The Russians aren't just thinking about their next generation replacement for the Tupolev Tu-95 Bear, Tu-22M3 Backfire and Tu-160 Blackjack, they're thinking about what comes after the PAK-DA.
According to the Russian Federation Air Force's long-range aviation commander Lt Gen Anatoly Zhikharev, the Russians are considering the development of a "sixth-generation" unmanned strategic bomber in the years after 2040, RIA Novosti reports.
"That could be around 2040-2050," Zhikharev says.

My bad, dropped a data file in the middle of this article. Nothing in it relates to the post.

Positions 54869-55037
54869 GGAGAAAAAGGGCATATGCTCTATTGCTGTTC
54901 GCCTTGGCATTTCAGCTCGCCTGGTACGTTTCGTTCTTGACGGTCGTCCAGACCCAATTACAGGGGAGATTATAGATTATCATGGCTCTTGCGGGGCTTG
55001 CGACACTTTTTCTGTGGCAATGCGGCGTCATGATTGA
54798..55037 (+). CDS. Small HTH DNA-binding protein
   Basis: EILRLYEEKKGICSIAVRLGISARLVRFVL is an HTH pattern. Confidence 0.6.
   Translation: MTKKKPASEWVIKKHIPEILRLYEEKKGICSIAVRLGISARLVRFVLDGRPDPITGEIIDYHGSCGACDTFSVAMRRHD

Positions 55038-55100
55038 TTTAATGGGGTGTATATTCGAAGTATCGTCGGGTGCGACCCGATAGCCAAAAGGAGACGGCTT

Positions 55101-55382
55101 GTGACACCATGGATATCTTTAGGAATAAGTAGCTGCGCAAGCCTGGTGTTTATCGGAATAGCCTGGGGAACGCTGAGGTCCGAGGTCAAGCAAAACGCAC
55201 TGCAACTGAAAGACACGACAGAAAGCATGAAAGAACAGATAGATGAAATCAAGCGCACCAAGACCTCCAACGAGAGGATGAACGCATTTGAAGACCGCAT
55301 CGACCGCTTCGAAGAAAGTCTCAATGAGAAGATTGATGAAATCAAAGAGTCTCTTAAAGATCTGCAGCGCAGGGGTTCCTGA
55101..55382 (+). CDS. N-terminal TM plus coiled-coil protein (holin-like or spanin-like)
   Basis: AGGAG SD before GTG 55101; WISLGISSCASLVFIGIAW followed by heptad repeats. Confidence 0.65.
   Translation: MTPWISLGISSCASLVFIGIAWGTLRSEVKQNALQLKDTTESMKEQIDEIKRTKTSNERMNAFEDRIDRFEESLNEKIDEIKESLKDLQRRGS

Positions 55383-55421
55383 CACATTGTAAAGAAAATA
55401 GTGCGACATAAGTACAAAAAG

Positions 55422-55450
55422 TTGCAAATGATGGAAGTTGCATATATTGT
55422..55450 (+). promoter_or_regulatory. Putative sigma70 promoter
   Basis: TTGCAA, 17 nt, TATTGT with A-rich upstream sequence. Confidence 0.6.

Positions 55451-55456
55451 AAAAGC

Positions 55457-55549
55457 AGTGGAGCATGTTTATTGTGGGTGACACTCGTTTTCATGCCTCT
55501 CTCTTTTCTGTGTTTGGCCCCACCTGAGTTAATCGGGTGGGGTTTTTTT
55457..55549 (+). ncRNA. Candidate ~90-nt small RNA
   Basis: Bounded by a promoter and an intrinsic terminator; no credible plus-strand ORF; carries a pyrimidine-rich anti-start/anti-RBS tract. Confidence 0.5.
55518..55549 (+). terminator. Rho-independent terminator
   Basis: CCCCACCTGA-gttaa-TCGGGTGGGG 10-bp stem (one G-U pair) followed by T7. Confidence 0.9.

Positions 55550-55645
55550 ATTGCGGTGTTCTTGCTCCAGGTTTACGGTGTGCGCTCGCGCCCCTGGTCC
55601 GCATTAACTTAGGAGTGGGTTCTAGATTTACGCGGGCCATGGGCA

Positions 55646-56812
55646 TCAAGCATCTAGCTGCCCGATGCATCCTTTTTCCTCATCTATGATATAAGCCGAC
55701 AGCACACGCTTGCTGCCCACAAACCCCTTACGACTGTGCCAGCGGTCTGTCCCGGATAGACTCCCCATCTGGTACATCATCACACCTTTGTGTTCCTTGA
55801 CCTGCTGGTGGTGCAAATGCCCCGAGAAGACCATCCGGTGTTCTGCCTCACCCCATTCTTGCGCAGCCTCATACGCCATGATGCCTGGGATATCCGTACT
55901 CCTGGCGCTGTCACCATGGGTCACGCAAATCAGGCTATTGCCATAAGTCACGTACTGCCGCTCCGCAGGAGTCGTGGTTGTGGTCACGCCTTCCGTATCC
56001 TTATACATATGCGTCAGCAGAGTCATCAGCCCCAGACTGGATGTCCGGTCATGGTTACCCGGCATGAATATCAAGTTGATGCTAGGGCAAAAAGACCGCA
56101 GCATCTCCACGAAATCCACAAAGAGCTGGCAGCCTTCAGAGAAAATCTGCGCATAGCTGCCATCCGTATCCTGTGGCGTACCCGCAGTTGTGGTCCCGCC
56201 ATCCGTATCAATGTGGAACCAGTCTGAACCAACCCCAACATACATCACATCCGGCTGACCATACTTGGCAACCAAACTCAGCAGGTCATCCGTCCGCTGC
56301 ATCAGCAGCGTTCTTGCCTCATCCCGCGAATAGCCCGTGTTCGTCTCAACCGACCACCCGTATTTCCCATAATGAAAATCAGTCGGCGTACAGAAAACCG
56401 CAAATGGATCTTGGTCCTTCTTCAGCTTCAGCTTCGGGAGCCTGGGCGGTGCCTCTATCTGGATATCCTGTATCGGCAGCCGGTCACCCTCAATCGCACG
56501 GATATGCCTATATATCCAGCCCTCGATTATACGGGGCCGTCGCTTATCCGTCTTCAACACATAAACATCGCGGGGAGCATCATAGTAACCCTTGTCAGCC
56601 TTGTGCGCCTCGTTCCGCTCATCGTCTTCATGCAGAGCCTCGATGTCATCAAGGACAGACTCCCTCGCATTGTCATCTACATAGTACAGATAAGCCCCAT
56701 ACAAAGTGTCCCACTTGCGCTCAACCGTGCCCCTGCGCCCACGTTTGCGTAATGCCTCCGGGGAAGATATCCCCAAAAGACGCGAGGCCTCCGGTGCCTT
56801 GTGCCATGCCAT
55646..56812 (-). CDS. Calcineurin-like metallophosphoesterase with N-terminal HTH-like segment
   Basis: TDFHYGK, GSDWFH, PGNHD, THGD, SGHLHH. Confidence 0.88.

I suppose Zhikharev probably expects the policy and legal hurdles (and potentially moral issues) of flying an unmanned (and I'd guess probably autonomous) nuclear armed bomber will be solved.
Tupolev is already developing the PAK-DA bomber, which is scheduled to enter service in the mid-2020s. That runs parallel to the US Air Force's efforts to field the Long Range Strike-Bomber around the same time.
But the USAF is opting for an optionally manned aircraft that could fly unmanned at times. The question is though, will anyone seriously risk flying a $550 million (minimum) aircraft without a pilot given the accident rate of unmanned aircraft or potential loss of the control link?